I finally shared a link to a blog post on my running blog yesterday, and I got a decent number of hits. According to WordPress’ stats, there were 30+ views, and 12 visitors. I was pretty excited that at least ten people were interested enough to check it out, out of all my 230+ FB friends. Then I wanted to know more. Who viewed it? What pages did they visit? Back when I had my website hosted with a shell account, I could access the Apache web log and see IP addresses, referring urls, user agents. I wrote a script to convert IP addresses to hostnames where possible, filtering out my own IP addresses, and enjoyed analyzing the results.
Usually there would be a bunch of lookups by various search engines, some of which respected my robots.txt, some that didn’t (they weren’t major search engines, so I didn’t really care about blocking them). And every now and again I’d get entries that were clearly someone that was interested in either me or what I had to say (perhaps stalking me?). Those were the fun ones. Who is the domain name registered to, or if the IP address could not be converted to a hostname, what entity is the address assigned to? Occasionally I was able to get enough information that if needed, I could have built the beginnings of a court case about someone stalking me.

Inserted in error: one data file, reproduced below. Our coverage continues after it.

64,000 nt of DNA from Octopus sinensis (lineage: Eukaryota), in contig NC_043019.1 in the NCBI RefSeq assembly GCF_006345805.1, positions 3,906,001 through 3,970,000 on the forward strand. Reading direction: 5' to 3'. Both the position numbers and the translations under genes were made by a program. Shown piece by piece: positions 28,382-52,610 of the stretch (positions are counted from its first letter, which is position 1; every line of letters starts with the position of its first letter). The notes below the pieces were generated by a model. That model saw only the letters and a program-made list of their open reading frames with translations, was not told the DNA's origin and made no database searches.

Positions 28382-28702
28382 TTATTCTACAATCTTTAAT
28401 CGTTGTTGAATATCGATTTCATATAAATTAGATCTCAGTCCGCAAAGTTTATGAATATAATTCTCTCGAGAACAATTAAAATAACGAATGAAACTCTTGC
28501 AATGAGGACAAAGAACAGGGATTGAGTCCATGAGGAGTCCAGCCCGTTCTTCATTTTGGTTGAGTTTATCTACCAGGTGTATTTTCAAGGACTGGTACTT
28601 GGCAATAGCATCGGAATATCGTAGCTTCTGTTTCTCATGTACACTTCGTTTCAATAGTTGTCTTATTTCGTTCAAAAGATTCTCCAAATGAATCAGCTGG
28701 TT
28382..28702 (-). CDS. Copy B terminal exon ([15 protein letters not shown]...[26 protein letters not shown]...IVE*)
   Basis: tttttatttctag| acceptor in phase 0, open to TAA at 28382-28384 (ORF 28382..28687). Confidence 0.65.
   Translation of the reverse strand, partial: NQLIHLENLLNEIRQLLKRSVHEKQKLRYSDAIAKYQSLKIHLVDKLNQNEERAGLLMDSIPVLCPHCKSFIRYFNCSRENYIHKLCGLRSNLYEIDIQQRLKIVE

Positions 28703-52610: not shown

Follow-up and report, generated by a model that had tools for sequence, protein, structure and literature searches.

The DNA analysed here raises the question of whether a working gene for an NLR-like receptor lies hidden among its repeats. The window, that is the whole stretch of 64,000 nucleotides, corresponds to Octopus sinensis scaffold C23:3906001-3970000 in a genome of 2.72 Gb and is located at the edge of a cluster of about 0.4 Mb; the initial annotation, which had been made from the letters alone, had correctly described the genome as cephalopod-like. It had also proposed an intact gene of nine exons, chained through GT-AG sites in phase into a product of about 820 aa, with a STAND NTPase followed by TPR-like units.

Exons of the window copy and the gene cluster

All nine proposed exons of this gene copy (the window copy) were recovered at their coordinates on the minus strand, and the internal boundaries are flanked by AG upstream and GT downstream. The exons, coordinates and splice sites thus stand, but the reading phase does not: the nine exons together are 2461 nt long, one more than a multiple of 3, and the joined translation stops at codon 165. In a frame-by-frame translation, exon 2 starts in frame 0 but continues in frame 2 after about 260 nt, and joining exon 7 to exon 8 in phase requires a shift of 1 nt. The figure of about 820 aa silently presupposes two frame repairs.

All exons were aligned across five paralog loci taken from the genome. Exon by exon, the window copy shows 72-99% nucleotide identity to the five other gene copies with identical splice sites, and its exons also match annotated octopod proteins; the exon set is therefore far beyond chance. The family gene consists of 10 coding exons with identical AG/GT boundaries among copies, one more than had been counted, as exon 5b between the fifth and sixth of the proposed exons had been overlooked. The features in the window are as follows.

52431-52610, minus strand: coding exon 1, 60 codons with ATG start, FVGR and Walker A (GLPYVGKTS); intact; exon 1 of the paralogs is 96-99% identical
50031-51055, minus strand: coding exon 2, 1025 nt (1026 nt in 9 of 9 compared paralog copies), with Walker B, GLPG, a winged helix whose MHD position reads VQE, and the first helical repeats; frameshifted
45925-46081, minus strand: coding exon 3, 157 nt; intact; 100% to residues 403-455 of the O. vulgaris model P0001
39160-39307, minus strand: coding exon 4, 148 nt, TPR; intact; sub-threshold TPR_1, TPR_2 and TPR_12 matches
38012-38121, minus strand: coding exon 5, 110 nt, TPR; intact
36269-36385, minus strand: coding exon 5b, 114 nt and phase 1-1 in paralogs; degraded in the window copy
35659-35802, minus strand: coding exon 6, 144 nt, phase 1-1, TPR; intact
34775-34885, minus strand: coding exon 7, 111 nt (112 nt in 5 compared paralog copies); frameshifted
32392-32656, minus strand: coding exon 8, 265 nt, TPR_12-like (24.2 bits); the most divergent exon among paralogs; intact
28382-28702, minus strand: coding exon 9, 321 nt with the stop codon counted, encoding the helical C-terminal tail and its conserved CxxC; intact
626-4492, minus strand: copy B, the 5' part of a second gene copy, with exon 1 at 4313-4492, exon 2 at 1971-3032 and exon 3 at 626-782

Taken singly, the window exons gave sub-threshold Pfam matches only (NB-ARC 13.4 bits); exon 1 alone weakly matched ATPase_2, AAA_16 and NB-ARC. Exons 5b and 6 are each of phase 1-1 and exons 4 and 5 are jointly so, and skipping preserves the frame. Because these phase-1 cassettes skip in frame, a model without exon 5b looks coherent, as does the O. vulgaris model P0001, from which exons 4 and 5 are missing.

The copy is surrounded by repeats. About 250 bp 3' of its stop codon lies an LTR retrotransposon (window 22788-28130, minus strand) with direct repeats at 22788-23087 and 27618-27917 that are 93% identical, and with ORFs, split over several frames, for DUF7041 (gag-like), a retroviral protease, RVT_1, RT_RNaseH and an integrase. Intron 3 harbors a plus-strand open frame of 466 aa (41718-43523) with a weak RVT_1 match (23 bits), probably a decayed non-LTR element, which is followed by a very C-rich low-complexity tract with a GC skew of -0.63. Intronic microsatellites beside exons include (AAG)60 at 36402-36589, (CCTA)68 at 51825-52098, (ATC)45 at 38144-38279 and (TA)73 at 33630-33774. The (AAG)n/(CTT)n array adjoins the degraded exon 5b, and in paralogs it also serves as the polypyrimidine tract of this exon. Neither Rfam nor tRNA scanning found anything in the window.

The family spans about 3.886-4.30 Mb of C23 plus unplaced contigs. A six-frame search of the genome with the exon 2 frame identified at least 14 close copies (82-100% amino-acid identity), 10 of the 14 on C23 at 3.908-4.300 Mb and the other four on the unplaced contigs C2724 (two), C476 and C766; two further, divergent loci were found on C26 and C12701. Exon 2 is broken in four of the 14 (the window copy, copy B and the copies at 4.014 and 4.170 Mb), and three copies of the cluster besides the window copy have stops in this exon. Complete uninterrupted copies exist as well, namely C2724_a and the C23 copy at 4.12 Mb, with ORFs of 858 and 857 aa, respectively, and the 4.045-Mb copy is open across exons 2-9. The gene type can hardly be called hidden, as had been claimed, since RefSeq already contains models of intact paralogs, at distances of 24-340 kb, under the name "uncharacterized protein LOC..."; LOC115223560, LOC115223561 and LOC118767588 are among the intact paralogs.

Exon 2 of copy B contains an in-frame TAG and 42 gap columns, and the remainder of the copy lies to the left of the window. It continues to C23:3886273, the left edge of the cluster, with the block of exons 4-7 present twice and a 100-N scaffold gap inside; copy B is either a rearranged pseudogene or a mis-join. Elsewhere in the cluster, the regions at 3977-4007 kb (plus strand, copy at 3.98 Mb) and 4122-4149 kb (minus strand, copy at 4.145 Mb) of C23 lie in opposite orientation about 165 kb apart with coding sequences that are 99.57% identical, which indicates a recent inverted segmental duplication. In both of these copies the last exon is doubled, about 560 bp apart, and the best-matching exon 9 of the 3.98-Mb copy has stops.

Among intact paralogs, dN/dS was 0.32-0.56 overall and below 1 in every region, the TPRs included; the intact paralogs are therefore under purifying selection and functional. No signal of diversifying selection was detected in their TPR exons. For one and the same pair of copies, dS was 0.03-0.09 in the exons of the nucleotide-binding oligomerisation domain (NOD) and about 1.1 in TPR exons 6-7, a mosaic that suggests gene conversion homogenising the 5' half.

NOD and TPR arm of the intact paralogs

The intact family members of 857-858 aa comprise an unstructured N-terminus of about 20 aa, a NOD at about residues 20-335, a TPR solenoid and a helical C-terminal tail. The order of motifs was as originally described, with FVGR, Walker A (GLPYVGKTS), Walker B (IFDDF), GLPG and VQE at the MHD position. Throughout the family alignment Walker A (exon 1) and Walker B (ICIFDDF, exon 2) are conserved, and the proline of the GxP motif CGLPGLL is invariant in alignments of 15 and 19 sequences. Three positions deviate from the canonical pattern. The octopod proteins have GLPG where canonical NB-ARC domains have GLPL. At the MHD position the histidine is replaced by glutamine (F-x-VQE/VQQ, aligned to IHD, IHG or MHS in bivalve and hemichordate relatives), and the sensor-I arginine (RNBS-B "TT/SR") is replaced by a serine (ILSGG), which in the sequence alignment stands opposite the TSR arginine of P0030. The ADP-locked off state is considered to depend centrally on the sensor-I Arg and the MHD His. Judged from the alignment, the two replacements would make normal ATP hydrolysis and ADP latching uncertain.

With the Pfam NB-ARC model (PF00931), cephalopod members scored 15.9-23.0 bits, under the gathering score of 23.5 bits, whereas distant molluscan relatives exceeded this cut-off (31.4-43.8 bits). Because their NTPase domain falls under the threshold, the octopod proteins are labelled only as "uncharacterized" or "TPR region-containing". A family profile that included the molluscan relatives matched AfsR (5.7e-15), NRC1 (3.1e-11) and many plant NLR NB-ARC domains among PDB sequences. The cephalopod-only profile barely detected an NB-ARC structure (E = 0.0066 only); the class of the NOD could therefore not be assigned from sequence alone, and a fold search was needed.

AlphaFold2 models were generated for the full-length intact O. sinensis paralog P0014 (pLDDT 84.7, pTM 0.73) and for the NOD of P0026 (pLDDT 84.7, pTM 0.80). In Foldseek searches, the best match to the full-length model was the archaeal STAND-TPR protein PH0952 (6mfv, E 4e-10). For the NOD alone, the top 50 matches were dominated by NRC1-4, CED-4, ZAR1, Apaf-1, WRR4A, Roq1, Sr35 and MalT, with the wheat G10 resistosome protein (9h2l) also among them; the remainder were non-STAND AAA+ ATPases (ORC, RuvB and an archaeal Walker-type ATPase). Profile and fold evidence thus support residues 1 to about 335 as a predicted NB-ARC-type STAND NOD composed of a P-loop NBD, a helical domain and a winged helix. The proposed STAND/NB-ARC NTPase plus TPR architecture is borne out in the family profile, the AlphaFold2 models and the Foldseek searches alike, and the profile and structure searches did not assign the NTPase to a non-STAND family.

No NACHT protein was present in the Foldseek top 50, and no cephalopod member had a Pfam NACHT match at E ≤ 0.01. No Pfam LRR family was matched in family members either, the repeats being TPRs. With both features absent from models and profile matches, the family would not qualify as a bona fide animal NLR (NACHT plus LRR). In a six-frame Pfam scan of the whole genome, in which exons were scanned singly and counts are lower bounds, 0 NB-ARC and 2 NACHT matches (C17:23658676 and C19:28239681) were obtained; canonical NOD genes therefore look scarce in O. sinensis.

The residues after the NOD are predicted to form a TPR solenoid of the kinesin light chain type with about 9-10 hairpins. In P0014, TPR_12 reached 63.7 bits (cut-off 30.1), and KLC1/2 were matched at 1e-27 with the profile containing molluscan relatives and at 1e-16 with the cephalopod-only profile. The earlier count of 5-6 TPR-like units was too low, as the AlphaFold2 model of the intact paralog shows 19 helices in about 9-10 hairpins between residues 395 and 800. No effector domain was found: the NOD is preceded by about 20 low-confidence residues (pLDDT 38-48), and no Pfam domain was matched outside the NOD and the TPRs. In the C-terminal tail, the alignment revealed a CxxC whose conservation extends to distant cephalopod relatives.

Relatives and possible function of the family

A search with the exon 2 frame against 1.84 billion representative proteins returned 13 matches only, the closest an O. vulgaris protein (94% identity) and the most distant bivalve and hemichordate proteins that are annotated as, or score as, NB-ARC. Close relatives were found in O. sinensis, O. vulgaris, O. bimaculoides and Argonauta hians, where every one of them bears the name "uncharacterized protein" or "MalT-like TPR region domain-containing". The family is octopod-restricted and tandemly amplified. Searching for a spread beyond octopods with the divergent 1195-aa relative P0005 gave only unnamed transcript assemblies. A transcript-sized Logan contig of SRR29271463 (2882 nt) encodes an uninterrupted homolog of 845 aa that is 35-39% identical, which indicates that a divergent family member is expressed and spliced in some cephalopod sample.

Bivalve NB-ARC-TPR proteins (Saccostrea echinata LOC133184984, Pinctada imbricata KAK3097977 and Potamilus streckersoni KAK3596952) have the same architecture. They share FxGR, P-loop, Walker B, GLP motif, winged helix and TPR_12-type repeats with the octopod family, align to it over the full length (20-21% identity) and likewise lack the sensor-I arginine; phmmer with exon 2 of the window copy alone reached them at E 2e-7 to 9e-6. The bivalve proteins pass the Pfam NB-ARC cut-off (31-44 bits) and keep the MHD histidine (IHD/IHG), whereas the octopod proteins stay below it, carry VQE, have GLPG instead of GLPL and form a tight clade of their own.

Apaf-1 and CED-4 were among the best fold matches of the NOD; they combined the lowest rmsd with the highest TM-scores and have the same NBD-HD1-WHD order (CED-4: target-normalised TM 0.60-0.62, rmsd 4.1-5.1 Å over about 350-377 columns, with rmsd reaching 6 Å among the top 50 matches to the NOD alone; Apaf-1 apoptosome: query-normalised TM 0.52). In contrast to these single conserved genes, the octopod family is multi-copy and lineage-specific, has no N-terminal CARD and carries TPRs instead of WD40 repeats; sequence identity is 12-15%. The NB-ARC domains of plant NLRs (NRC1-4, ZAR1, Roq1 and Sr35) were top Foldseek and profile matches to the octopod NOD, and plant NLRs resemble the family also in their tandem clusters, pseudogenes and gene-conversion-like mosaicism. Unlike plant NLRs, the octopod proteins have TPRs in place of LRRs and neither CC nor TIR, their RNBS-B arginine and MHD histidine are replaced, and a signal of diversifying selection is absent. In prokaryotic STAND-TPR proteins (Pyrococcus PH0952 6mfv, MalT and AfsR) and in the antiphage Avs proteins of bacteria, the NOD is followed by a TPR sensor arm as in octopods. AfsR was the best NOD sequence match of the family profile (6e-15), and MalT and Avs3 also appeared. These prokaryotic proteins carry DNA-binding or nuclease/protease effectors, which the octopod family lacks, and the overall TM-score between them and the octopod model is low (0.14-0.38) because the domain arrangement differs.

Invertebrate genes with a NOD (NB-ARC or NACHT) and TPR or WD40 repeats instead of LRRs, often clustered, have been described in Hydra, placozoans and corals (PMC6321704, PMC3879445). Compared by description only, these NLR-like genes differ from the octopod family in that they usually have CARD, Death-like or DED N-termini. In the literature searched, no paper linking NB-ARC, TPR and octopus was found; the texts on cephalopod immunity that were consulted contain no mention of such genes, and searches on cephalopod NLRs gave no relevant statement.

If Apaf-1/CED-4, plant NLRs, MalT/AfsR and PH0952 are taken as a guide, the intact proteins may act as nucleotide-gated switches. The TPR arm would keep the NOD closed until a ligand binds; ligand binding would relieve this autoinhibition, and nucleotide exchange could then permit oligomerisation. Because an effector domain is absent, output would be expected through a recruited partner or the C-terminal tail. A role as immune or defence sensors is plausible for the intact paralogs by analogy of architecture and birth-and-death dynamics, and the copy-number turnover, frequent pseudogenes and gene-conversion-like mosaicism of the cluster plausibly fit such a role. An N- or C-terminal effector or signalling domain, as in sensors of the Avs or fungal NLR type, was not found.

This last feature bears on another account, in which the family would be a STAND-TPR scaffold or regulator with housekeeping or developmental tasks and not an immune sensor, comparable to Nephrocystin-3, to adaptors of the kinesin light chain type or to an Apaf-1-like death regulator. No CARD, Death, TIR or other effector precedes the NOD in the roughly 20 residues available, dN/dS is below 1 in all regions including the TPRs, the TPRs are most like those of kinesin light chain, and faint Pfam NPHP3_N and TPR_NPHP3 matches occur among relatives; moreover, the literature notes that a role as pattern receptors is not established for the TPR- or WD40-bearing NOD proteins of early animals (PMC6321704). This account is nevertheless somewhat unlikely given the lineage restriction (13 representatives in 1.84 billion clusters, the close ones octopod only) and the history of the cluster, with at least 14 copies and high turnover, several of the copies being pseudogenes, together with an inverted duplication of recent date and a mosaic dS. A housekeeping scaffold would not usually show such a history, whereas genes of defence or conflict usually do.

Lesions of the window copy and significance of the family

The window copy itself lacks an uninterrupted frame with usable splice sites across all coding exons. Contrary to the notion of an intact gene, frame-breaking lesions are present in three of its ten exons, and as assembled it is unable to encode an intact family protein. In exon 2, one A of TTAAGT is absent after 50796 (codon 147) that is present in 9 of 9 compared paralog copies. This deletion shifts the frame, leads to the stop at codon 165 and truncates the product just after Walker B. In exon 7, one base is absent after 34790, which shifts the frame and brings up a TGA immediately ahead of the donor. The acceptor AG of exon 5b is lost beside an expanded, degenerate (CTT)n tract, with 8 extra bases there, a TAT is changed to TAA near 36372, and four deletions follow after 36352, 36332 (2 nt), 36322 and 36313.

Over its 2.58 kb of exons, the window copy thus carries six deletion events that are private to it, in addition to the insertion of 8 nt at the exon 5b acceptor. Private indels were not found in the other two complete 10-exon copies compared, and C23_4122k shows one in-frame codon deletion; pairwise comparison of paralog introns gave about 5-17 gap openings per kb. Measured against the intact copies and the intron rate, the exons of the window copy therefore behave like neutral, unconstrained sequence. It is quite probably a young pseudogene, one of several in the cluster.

Sadly, the web stats offered by WordPress just aren’t as comprehensive. Maybe they have an option to pay to be able to view the access logs, seeing how they like to charge for just about everything else. (What? seriously? you want me to pay how much per year just to be able to edit CSS? Okay, fine. Maybe I will.) But whatever the case is, you, my readers, are safe for now. I doubt I’ll be paying to read access logs anytime soon; the stalker in me will simply have to go back in the closet.